NSW agencies are failing to tackle internal fraud, with insufficient use of data mining techniques, warns a November report by the auditor-general, Margaret Crawford.
The perpetuators of fraud in government are not being fully monitored, with financial losses on the rise, according to a report released by the NSW auditor-general, Margaret Crawford.
This “Special Fraud Survey” report, released in November, has warned that agencies remain passive about their fraud-detection strategies.
Public sector governance and risk management also comes under the spotlight at the Annual FST Government NSW conference being held 17th May in Sydney.
Information gathered for the Auditor-General’s report tracked activities during 2015 and early 2016. More than 100 agencies’ fraud control strategies came under scrutiny.
Among the findings, eighty per cent, or 382 frauds, were less than $10,000. Twenty-four frauds were each more than $100,000. The largest frauds occurred in procurement, followed by identity fraud.
Agencies acknowledged the primary reason was that staff felt they would not get caught. This was followed by those not following policies or internal controls.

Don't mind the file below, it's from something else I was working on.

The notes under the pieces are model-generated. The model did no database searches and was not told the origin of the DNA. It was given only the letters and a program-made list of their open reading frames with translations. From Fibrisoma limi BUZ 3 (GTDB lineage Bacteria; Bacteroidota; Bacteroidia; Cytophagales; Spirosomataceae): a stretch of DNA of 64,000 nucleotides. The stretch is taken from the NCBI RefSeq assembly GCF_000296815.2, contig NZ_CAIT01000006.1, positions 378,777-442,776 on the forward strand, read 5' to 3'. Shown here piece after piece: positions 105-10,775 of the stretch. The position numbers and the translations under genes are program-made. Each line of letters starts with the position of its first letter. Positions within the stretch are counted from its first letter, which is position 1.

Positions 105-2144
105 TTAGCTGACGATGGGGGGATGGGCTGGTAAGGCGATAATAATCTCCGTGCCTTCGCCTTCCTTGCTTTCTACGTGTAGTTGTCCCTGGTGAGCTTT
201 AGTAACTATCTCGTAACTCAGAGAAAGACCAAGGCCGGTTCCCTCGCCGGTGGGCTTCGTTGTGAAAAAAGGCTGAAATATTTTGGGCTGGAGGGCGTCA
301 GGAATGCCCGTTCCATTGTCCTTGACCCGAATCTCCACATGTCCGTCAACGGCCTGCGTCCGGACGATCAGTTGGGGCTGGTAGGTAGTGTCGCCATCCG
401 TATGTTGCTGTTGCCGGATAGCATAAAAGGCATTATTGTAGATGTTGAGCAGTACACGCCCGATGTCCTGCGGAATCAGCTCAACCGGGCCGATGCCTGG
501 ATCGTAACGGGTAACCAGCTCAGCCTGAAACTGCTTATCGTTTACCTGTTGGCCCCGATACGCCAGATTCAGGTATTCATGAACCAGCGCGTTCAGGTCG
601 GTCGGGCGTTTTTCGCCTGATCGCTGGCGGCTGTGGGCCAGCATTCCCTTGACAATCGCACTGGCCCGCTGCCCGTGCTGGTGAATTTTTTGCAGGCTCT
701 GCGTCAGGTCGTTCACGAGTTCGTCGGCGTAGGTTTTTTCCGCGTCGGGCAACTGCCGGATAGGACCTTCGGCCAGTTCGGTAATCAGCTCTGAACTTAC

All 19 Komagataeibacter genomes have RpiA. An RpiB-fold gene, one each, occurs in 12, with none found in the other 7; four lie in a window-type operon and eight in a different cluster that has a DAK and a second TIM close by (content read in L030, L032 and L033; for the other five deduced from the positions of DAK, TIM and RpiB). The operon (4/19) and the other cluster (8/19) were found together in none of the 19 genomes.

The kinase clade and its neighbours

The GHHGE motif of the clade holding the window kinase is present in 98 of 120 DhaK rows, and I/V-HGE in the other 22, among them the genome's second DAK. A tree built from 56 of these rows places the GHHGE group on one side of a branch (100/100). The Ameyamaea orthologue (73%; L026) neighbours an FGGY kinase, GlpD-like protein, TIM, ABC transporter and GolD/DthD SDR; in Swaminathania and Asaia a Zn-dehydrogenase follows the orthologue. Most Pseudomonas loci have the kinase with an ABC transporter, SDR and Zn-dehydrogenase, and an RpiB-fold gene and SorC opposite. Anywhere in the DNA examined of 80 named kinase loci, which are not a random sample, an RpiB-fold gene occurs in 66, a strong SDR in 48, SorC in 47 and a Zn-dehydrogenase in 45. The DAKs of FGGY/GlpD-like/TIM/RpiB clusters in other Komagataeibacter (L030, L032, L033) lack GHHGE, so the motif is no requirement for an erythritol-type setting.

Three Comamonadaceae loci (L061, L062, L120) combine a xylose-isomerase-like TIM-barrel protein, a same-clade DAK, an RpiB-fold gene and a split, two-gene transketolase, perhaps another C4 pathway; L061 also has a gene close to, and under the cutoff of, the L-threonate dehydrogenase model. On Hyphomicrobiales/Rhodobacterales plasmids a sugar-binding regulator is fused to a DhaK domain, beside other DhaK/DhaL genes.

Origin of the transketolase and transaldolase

Despite continued concerns, thirty-three per cent did not have a fraud control plan. Of those that did, 36 per cent had not reviewed their plan in the last two years. Thirty-four per cent had not updated their fraud control plan following a review of the risks.
Data mining takes back-seat
Moreover, only 45 per cent had leveraged data mining to complement fraud detection capability.
Sophisticated data mining tools identify possible fraud. This has included checking for duplicate payments, multiple vendor names, and splitting invoices into smaller amounts to avoid further authorisation and cover-up procurement fraud.
Unlike some other jurisdictions, NSW did not have a comprehensive whole-of-government approach to fraud control. The latest survey, including those in 2004, 2009 and 2012, had highlighted weaknesses involving agencies’ fraud controls.
Agencies were at greatest risk from internal staff rather than external perpetrators. More than 90 per cent of involved an internal employee or contractor.
The typical profile of a perpetuator was male, over 40 and in a non-managerial role.
Most agencies had a code of conduct. But only a third required staff to regularly attest they knew and understood these programs.
Moreover, while a high proportion maintained a conflict of interest policy, less than half required staff to complete annual declarations.
Almost half of the agencies did not require staff to confirm any secondary employment every two years.
This routine reporting would help detect conflicts of interest, or other misuse of information and resources.